Understanding the extent to which ecological disturbances like mass bleaching perturb coral reproduction is crucial for projecting population and community dynamics. These predictions can then be used to inform effective conservation and management strategies. Our research emphasizes the importance of considering the invisible, sublethal effects of bleaching when considering coral recovery. Although all colonies we surveyed looked healthy, those with a history of bleaching had reduced energy reserves and gamete production, which would have gone undetected in a traditional ecological survey. Only by looking deeper can we hope to discern what climate change may have in store for us in the future. As temperatures soar due to global climate change, mass bleaching events are projected to increase in both frequency and severity (Hughes et al., 2017). It is a race against time to uncover as much as we can and harness that knowledge to protect our precious coral reef ecosystems.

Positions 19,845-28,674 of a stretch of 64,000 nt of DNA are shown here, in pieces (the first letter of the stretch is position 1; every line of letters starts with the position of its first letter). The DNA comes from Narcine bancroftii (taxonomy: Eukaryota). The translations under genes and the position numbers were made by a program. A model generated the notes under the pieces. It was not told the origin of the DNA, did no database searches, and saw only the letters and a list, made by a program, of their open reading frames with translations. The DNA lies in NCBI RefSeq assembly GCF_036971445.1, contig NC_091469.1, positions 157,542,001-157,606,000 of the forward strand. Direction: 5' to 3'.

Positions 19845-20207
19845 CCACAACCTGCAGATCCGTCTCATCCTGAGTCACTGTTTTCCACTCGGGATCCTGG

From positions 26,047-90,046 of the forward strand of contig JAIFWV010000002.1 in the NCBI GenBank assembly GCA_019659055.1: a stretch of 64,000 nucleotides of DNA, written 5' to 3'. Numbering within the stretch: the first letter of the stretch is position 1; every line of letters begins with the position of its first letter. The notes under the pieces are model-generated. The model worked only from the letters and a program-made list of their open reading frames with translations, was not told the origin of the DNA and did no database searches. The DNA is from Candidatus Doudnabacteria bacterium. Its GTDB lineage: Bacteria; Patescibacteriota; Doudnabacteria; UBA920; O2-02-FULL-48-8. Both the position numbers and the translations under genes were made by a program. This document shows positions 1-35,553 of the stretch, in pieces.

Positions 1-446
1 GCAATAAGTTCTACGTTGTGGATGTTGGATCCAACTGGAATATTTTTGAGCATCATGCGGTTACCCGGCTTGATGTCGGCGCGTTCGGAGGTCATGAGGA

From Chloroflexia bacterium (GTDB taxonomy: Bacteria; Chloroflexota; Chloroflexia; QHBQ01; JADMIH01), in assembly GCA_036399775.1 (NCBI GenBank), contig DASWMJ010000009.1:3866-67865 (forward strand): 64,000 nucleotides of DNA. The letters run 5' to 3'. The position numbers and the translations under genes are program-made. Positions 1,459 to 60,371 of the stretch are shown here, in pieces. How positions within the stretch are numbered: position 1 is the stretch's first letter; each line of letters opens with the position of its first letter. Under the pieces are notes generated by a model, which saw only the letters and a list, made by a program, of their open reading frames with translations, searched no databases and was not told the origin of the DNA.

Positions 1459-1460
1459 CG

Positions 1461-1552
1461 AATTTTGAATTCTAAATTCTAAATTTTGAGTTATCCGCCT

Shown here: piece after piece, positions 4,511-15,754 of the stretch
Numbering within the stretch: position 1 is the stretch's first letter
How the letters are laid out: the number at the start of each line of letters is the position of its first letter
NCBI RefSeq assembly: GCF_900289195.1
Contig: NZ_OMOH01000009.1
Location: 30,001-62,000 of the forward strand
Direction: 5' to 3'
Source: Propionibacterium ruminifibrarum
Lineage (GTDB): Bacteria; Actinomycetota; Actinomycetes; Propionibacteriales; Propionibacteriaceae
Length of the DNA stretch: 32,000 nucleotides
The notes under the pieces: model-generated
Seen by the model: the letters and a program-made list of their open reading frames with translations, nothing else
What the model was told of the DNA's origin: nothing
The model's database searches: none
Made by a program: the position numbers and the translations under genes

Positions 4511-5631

Read more about the research behind this article at:

  • Hughes, T.P., M.L. Barnes, D.R. Bellwood, J.E. Cinner, G.S. Cumming, J.B.C. Jackson, J. Kleypas, I.A. van de Leemput, J.M. Lough, T.H. Morrison, S.R. Palumbi, E.H. van Nes, M.Scheffer. 2017. Coral reefs in the Anthropocene. Nature 546, 82–90.
  • Johnston, E.C., C.W.W. Counsell, T.L. Sale, S.C. Burgess, R.J.T. Toonen. 2020. The legacy of stress: Coral bleaching impacts reproduction years later. Functional Ecology 34, 2315–2325.
  • Muscatine, L., L. McCloskey, R.Marian. 1981. Estimating the daily contribution of carbon from zooxanthellae to coral animal respiration. Limnology and Oceanography 26, 601–611.
  • Reaka-Kudla M.L. 1997. The global biodiversity of coral reefs: a comparison with rain forests. In: Reaka-Kudla, M.L., D.E. Wilson, E.O. Wilson (eds). Biodiversity II: Understanding and Protecting Our Biological Resources. Joseph Henry Press, Washington, D.C., pp. 83-108.
  • Schoepf, V., A.G. Grottoli, S.J. Levas, M.D. Aschaffenburg, J.H. Baumann, Y. Matsui, M.E. Warner. 2015. Annual coral bleaching and the long-term recovery capacity of coral. Proceedings of the Royal Society B 282, 20151887.
  • Szmant, A.M., N.J. Gassman. 1990. The effects of prolonged ‘bleaching’ on the tissue biomass and reproduction of the reef coral Montastrea annularis. Coral Reefs 8, 217–224.